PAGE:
Turning now to the unique "bail bar" system 60 here, this is actually an incoming sheet 11 knockdown and hold down member. It cooperates with other systems described herein. More specifically, it provides a vertically moving tamper arm 62, with sheet engaging rubber end fingers 64, that is automatically moved down substantially vertically for each inputted sheet 11, (rather than only after a full set circulation like an RDH bail bar). I.e., the tamper arm 62 comes down (from in between the disks 52 of the disk stacker) on top of the stack after each sheet 11 lead edge passes under raised arm 62 fingers 64 and that sheet is released from the disk slots 54 to stack. The tamper arm fingers 64 push down the incoming top sheet 11 with only a light force but with sufficient force to press down that one sheet onto the underlying sheets of the stack. The fingers 64 also prevent lateral sheet movement and thus prevent set scattering.
The downward movement of the "bail bar" system 60 is just after the end of the disk slots 54 rotates past the registration fingers 16. It may desirably stay down thereafter to hold the set until another sheet 11 is inputted. As shown, a cam 66 surface connecting with arm 62 and activated by a lateral pin 67 extending from and rotating with a disk 52 may desirably be used to drive or lift up the bail bar system 60 during the time the sheet 11 is being inverted and fed under the tamper arm 62 by the disk drive. This insures coordination. However, other drives may be used. Additional or plural bail bars (effectively dropping weights which fall on and with the sheets) may be provided, e.g., to obtain even better sheet control near the stapler. The bails may be commonly dropped onto each incoming sheet and then lifted again, as described.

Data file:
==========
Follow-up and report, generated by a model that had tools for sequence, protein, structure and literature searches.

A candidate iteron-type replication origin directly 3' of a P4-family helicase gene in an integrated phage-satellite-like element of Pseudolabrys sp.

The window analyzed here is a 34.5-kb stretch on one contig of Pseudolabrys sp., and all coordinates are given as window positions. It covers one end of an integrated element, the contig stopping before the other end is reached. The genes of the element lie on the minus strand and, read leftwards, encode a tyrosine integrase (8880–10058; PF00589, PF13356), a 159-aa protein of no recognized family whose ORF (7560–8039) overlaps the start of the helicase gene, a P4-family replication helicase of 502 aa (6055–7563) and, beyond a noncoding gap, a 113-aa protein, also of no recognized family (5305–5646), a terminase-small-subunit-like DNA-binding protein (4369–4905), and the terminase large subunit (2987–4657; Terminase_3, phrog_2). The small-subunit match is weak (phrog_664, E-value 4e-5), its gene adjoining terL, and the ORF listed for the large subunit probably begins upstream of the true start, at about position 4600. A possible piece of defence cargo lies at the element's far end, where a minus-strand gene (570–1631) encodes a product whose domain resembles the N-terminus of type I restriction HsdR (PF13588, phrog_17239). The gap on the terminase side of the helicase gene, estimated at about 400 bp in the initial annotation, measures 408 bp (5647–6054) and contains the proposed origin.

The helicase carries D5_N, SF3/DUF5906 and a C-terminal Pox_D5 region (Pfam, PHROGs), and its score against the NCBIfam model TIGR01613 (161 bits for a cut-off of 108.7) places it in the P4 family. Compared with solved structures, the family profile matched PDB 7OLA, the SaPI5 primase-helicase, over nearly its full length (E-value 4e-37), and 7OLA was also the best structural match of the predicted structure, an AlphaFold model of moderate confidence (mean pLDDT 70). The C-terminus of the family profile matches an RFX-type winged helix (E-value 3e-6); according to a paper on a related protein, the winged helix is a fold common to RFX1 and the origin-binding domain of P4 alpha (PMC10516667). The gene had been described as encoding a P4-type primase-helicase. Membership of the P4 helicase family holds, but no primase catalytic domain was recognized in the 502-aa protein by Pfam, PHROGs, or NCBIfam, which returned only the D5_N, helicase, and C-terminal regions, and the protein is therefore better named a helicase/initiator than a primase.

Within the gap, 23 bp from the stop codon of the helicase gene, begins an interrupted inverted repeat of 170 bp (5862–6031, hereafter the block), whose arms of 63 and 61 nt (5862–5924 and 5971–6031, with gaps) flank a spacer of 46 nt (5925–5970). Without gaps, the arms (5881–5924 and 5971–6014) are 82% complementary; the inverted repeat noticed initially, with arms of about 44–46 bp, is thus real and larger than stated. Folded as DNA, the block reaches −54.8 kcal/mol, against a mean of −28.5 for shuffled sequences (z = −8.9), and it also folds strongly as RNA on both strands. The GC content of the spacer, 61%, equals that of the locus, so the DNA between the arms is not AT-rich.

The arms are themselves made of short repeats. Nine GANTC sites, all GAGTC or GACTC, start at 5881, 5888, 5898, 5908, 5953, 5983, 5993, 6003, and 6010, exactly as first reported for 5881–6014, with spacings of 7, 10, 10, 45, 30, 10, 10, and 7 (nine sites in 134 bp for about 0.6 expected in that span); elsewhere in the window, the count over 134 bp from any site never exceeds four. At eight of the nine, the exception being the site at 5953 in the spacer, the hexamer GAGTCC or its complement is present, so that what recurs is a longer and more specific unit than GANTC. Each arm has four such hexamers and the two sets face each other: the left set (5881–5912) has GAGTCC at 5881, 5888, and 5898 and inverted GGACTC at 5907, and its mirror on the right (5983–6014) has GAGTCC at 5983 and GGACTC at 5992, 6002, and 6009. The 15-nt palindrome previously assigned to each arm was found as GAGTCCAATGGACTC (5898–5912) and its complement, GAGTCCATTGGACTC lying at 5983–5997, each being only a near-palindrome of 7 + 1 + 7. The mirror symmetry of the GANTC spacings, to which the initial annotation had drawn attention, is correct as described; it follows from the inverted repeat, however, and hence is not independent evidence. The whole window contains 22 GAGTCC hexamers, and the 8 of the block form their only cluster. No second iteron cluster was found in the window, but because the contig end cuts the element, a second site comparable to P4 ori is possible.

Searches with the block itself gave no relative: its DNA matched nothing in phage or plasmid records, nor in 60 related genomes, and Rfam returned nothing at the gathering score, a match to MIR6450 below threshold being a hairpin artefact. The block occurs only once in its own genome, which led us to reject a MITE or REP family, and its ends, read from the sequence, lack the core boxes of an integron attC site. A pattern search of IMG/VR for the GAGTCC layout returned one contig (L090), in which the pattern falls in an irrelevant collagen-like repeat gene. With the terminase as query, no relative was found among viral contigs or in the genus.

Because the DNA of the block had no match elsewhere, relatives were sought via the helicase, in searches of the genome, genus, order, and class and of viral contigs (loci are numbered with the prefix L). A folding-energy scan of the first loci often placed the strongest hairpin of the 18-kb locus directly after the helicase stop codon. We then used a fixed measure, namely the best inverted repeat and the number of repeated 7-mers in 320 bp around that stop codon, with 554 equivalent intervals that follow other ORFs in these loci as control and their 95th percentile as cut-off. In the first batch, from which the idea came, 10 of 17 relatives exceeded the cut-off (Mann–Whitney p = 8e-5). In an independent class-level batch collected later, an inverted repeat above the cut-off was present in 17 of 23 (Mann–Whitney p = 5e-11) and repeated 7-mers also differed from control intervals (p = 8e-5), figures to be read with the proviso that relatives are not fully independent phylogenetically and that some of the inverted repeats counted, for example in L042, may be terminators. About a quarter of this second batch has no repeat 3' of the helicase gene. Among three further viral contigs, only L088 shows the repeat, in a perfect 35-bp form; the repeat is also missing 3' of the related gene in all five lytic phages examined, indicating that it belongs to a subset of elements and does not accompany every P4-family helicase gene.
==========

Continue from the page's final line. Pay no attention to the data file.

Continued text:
The tamper or bail arm 62 also functions in this example as the sensor arm for a stack height sensing system 70 controlling the stacking tray elevator system 30. A flag 72 connecting with, or an extension of, the tamper arm 62 interrupts and activates a conventional optical switch 74 at the point when the top of the stack is stacked high enough to need to be lowered by lowering the stacking tray elevator 30 to lower its stacking surface 32. In this manner, or by other known stack elevator control means, the top of the stack is desirably maintained closely under the incoming sheet release height, to maintain the sheet drop distance, and the bail arm drop distance thereon, desirably small.
Because the requirement for registering a set for stapling, i.e., compiling a set for finishing, is more critical than that for unstapled stacking, it is necessary to provide a registration system which provides a neat or registered and squared stack and also greater resistance to set scattering between registration and stapling. It has been found here that this may be preferably done to each incoming sheet in the disks 52, also insuring that the registration position provided to the sheet is not lost when the disk releases and drops the sheet onto the stack. The bail system 60 here provides this maintenance of the sheet registration position while the sheet is making the transition from the disk slots 54 to the top of the stack. The weight of the bail system normal force arm 62 coming down on the sheet 11 makes this movement consistent and provides a neat, registered, stack. The rubber fingers 64 on the ends of this arm 62 engaging the released sheet prevent the sheet 11 from attempting to move either laterally or longitudinally away from its initial registered position as they both drop.